And what do you do after reading the email from the school superintendent? You talk to your children. If they want to. Because when I gently told my daughter that there might be some at her school who would mention a school shooting, she let me know with her short “okay” that she did not want to talk about it. I check again, prompting another way to engage. “Okay,” she says again with the same dismissive tone. And that’s a human way of reacting, too. By closing off. Because this is her everyday life. She must always be on alert, navigating a reality where she knows a school shooting could at any time happen. I understand her way of shutting this fact out of her life. She is powerless, has no say when it comes to the adults’ mindlessly incomprehensible priorities. Because as long as Americans value their right to bear arms more than the safety of their children, school shootings will take place – over and over and over again.
The Danish debate about insane speeding is similar to the gun violence debate in the United States
When you lend someone your car keys, it can end up costing lives – and, yes, you have to take responsibility if something happens.
In several states in the United States, parents can be punished if their child or teenager gains access to and uses a weapon that has not been stored properly.
In Denmark, parents, boyfriends and leasing companies can have the car confiscated if they borrow or lease it to someone who is taken in a crazy drive.
This is how it should be – both in the USA and in Denmark. As the owner of a weapon or a car, you have a responsibility for your property and can not just wash your hands and hide behind the fact that you did not know it would end the way it did, with a shooting or with a child who becomes killed or maimed.
There are several arguments in play when I hear the Danish debate. Some believe that the owner of the car can not be held responsible if things go wrong. To that, I would simply say that it is a evasion of responsibility of one’s own responsibility and the role of parent.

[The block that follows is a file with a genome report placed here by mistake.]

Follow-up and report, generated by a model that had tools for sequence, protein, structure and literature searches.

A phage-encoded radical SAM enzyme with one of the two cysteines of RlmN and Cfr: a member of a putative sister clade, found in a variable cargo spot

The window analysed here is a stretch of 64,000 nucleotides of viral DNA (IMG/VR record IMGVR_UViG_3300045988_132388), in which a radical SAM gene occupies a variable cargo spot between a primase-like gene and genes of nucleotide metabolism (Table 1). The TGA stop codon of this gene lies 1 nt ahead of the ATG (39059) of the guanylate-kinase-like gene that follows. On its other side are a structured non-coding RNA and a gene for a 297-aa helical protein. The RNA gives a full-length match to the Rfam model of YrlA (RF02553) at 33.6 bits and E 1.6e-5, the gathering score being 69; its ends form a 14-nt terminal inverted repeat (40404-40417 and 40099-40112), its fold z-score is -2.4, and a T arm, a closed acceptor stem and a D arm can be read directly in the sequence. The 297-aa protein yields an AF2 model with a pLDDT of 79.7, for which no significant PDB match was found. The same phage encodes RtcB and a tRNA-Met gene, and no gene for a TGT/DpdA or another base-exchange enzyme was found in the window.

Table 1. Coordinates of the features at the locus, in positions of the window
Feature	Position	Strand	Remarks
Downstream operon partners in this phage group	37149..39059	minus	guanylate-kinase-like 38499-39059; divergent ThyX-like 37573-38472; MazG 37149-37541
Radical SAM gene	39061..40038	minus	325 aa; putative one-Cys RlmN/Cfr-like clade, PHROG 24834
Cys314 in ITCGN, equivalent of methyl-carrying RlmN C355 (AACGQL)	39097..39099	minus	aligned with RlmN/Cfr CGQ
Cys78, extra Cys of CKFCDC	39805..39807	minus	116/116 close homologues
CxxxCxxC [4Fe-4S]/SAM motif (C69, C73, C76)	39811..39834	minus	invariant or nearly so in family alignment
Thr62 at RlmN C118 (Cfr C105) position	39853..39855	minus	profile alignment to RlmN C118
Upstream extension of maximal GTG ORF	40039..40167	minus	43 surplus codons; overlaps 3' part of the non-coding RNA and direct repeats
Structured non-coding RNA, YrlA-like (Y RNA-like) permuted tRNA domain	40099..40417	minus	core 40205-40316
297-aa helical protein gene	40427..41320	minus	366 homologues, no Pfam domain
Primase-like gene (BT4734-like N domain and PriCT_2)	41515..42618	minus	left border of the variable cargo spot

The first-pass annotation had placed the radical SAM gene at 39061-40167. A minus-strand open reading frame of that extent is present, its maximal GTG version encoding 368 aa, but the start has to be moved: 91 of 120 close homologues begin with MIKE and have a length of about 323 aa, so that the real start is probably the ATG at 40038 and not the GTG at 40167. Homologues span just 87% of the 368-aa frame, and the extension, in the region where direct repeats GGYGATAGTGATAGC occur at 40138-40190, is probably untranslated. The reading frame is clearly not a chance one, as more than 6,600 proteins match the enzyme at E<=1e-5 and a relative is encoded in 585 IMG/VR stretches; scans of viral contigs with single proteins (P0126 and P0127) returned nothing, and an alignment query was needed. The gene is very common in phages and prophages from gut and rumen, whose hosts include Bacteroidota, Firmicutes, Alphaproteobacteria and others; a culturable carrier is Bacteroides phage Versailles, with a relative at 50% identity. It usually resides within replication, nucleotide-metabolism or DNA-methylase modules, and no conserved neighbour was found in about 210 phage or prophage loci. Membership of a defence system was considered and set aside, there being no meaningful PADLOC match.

I doubt that even the same parents would find it okay for the state to deprive them of various rights because they were not deemed fit to be able to make the right moral choices themselves. If one wants to be deprived of responsibility on one point, one must be willing to consider how that argument ends in its ultimate consequence – and that is a rather frightening scenario.
As a parent, boyfriend, friend, landlord, you have a responsibility. Talk to the person you are lending the keys to, imprint on them the responsibility of getting into a potential death machine. And do not lend the car if you think the person can not live up to the responsibility it is to drive responsibly.
Another argument is downright unsympathetic. It sounds something like this: Young people have speed in their blood, they have nowhere to go for the desire to give the gas that man has always broken the law, and it will continue to do so, no matter what the economic consequence is.
What has just gone wrong in a person’s head thinking like that? The argument leaves a lot to be desired when it comes to dealing with personal responsibility, how the relatives’ lives can be changed with a flick of the finger and never be the same again after they have been told that one of their loved ones has been subjected to insanity. consequences.
This scornful attitude towards other people’s lives, unsympathetic and rather obsessively emotionally underdeveloped attitude, makes it run cold down my spine. What kind of citizens are they when they are not behind the wheel?
And as for car renters, could they appropriately think about their responsibilities instead of just focusing on rental income? With the possibility of penalizing, it could be thought that their algorithms pretty quickly make it impossible for insane drivers to qualify or afford dead-driving in muscle cars.
It is probably very good that parents are being punished, so they may be able to think a little about what irresponsible citizens they have raised their children to become.
This is the United States – and here we have more guns than people